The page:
Which sports records were set this decade and will probably never be broken?

I got to thinking about this following a conversation about Joe Paterno and Bobby Bowden. Now that Bowden has retired, it seems all but impossible for any coach to ever catch Paterno’s record for Division I-A coaching wins. He has 393 wins now…it’s unfathomable that anybody else could average over ten wins a season for 39 years. JoePa’s record of 44 years coaching at one school–which he also set this decade–looks unbreakable too.

So I was wondering…are there any other sports records that tumbled this decade that will probably never be broken? Paterno’s records are likely the most ironclad of them all, but what else is out there?

I’m tempted to say that Barry Bonds’ career HR record is out of reach, now that the Age of Steroids is winding down and his closest rivals like Ken Griffey Jr. and Alex Rodriguez are likely to come up short. But a better choice is probably his MLB-record 232 walks in 2004. I doubt we’ll ever see a hitter as dominant as Bonds “protected” by such weak hitting as the Giants’ lower order again.

In world sport, I think Muttiah Muralitharan’s career Test wicket record of 792 is going to be untouchable. Despite the Future Tours Programme, I think there will be less and less Test cricket played in the coming years. 792 (or whatever Murali finishes on) is going to be very hard to beat.

Any other nominations out there?

All, or most, of Brett Favre’s records will be untouchable. Unless he shares some of that Live Action Embalming Fluid ™ with Peyton Manning.

Pretty much all the records Bonds set in 2004: .609 on base percentage? Ted Williams is the only guy ever to come within 60 points, and he only did that once. 120 intentional walks? 1.421 OPS? Ruth came within 40 points, once, 80 years earlier. Just crazy.

The homerun record is not safe. There is HGH and other drugs that can do the job. Arod is not through.

120 IBBs, incidentally, is good for 76th on the career leaders list. (I actually expected that ranking to be higher, but still.)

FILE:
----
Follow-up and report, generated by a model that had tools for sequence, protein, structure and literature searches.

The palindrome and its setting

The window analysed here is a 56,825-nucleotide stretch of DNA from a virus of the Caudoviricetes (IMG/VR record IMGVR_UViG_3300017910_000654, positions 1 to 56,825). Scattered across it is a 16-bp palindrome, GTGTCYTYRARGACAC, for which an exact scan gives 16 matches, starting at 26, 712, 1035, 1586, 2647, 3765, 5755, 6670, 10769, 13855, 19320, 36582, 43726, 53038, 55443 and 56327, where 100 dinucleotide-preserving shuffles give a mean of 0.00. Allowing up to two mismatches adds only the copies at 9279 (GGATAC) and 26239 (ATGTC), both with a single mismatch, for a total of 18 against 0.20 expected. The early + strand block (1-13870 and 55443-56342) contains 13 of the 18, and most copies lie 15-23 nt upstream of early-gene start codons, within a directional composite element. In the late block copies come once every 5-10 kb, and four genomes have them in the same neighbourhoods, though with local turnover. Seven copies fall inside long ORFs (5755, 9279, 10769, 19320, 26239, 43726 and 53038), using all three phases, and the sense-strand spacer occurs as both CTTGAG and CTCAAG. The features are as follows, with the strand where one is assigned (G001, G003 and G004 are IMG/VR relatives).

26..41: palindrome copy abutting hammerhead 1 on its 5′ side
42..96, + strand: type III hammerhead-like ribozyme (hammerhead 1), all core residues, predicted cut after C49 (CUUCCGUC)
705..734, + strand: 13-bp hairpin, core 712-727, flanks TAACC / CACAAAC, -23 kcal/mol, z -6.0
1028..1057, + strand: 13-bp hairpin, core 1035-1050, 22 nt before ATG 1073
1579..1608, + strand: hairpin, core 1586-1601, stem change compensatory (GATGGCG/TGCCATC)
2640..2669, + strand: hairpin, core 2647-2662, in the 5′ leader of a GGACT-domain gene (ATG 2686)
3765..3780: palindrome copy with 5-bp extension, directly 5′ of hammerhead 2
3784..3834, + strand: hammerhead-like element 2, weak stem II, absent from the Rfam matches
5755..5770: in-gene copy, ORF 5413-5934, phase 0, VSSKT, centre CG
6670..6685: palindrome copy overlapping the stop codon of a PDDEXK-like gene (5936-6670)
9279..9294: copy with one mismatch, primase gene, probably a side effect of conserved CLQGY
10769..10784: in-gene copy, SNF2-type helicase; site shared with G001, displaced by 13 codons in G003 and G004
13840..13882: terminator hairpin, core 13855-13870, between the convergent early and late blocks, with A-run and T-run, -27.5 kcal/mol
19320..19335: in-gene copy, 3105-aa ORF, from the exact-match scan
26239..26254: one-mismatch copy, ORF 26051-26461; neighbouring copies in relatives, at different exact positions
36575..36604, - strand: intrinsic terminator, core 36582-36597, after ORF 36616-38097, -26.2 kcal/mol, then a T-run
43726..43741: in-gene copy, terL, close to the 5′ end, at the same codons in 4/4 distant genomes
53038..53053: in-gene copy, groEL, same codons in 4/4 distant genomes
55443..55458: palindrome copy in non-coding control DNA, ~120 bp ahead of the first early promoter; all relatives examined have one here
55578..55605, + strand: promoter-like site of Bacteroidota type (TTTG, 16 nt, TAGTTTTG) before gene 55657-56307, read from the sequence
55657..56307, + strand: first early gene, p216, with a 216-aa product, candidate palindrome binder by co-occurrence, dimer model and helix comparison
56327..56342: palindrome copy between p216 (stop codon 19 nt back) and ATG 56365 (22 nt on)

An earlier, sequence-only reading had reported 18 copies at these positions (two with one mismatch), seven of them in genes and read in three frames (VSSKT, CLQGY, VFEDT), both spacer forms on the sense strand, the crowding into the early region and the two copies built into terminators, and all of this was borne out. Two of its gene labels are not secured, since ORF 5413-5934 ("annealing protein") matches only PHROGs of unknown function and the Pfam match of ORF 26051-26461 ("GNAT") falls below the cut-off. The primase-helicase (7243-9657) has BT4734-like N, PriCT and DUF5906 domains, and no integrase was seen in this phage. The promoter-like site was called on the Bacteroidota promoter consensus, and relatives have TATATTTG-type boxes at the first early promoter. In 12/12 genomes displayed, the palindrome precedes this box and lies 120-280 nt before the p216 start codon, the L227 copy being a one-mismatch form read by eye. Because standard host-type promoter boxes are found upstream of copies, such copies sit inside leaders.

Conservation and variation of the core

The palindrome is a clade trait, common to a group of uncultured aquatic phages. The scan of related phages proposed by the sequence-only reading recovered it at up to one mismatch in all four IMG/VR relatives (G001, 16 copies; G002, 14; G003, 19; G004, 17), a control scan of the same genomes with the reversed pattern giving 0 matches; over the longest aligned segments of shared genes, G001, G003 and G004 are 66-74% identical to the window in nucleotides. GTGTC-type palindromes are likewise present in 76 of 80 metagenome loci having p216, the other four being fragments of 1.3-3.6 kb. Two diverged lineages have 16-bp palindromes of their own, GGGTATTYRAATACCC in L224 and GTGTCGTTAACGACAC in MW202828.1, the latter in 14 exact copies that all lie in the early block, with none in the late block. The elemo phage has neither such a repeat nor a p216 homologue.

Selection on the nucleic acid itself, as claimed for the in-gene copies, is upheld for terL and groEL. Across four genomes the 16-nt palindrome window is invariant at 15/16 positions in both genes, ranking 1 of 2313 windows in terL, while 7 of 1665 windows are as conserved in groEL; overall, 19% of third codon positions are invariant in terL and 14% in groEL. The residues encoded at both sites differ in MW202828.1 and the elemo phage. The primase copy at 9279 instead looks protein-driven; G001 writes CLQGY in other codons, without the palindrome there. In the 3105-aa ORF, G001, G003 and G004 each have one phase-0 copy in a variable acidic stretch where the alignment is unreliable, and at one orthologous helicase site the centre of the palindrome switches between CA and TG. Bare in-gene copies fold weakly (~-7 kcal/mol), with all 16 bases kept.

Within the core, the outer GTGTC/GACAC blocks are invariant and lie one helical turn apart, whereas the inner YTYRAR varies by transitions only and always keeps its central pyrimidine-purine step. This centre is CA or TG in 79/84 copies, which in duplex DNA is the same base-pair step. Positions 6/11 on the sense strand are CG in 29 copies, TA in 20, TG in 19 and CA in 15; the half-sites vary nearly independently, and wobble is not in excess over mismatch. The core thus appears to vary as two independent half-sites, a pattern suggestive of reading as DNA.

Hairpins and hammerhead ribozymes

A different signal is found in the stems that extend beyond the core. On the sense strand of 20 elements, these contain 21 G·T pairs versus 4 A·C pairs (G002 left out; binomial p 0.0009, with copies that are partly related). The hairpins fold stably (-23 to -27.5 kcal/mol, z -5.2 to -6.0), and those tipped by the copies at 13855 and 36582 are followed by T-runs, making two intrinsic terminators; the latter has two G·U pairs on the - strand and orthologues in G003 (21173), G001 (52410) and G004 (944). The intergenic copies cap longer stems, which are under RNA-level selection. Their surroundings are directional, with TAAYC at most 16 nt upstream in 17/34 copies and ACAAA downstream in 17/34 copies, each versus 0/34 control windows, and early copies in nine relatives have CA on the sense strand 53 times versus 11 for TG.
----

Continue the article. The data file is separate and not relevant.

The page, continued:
He will need to average 30 HR per year for the next 6 years. He will be 35 next season. He is on the cusp, but his production is going to take a serious hit over the next couple years. It is going to be close.

I saw the title, and one thing came to mind for me.

Not sure if it fits the spirit of the OP, but:


I’m still not clear on the specs, but apparently, the suits that Phelps and others used in Beijing and IIRC a part of 2009, have been retired, citing that the suits essentially turn the swimmer into a speedboat, based on how the water hits and passes by the full body suit.

What about Lance Armstrong’s consecutive Tour De France streak?

The Chinese made great pools . Every venue was built to maximize the speeds and make records. It worked very well.

Most hilarious scandal…

Cy Young’s 511 career wins. Baseball has changed so much that very rarely can anyone reach 300 anymore, and it will be a long time before it changes that much again.

Not this decade, but Cal Ripken’s Iron Man record of 2,632 consecutive games seems unlikely to ever be broken.

The Pats 16-0 regular season a couple of years ago can’t be broken unless they lengthen the season. Their 18-1 final record might fall this year…GEAUX SAINTS!

Hard to believe he set that this decade… it seems so long ago! :wink:

Wow. Cy’s been pitching for a long time.